No meal seems quite so American--or even quite so mouth-watering--as a nice thick porterhouse steak, or a hamburger straight off the grill. The only problem is that these meals appear to be killing us.
That was the recent finding of a study that showed that with each additional 3-ounce portion of red meat you eat each day, you get a 12% greater risk of dying in a given year, a 10% greater risk of cancer, and a 16% greater risk of cardiovascular disease. Let me repeat that, because it’s absolutely crazy: A 12% greater risk of dying in a given year, a 10% greater risk of cancer, and a 16% greater risk of cardiovascular disease.
If you just saw a bunch of meaningless words and numbers in the paragraph above, here’s the gory details laid out in one infographic. (The numbers for early death and cancer are slightly different; this is presumably because the designers used an older study.) The truly scary part is that not only is red meat dangerous, but Americans, more than virtually every country on Earth, love red meat:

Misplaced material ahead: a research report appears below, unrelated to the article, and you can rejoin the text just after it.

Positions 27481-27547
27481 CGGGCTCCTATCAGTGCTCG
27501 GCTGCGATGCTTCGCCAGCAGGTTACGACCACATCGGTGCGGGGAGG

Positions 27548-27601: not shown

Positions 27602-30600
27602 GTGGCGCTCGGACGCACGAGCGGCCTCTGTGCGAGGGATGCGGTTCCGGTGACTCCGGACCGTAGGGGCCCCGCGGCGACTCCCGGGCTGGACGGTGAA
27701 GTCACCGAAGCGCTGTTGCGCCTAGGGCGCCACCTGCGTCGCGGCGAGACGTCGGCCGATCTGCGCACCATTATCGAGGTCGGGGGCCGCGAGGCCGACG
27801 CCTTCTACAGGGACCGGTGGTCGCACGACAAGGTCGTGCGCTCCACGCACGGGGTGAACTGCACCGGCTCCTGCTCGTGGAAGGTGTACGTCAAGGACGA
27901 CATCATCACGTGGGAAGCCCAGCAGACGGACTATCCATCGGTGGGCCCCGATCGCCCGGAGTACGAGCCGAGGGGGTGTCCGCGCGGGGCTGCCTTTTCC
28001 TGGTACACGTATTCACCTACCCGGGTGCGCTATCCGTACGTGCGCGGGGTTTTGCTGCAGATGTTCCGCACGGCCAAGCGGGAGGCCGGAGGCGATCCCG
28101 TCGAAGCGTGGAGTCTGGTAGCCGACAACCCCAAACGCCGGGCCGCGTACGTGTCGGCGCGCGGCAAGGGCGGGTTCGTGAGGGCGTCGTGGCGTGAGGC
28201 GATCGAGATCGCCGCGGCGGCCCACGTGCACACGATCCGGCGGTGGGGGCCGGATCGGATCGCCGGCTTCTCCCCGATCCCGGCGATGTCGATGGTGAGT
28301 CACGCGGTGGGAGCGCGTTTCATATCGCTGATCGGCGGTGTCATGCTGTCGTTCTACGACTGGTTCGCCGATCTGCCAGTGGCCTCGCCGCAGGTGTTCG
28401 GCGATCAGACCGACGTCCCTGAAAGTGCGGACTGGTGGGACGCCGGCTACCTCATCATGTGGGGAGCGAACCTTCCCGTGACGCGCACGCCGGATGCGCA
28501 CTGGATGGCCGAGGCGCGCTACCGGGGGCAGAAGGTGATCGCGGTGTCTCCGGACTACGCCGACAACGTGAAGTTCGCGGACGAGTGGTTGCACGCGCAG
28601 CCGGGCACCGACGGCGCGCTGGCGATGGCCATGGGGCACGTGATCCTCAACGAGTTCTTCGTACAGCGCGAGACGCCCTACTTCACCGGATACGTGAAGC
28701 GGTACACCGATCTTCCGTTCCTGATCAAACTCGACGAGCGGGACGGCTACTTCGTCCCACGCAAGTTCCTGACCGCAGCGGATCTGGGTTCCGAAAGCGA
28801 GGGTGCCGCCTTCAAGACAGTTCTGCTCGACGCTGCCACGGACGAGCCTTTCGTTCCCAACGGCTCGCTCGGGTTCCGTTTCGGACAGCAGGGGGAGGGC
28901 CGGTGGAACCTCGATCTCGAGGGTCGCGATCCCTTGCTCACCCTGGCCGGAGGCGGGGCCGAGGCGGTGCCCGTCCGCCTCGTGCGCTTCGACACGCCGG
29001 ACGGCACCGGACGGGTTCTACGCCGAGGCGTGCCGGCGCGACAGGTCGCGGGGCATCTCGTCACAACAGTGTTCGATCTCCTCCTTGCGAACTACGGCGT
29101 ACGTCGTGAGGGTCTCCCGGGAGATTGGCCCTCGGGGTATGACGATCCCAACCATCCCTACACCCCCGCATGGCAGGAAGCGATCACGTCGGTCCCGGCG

Perhaps the most quietly alarming detail in the infographic above is the figures about processed meat. And it squares with the most recent study available--the same one I cited above found that the 12% risk of dying jumps to 20%. Your risk of cardiovascular disease rises to 21%, and your risk of cancer rises to 16%. That’s right: The cancer risk resulting from eating a hot dog everyday is 60% greater than from a hamburger.
The infographic then tries to posit a reason: Something called pink slime:
This is where the data is starting to tip to shaky ground: Pink slime, though it does appear in many processed meats, hasn’t been thoroughly studied for its health effects. Nonetheless, that recent study about red meat has essentially caused a collapse in the industry. Which is something of a red herring (pun intended): I suspect that when the furor about red-meat dies down, we’ll all go back to our usual ways, happy to now avoid a little pink slime where we can. Not so fast. Red meat is really the problem.
[Top image: Supermimicry/Shutterstock]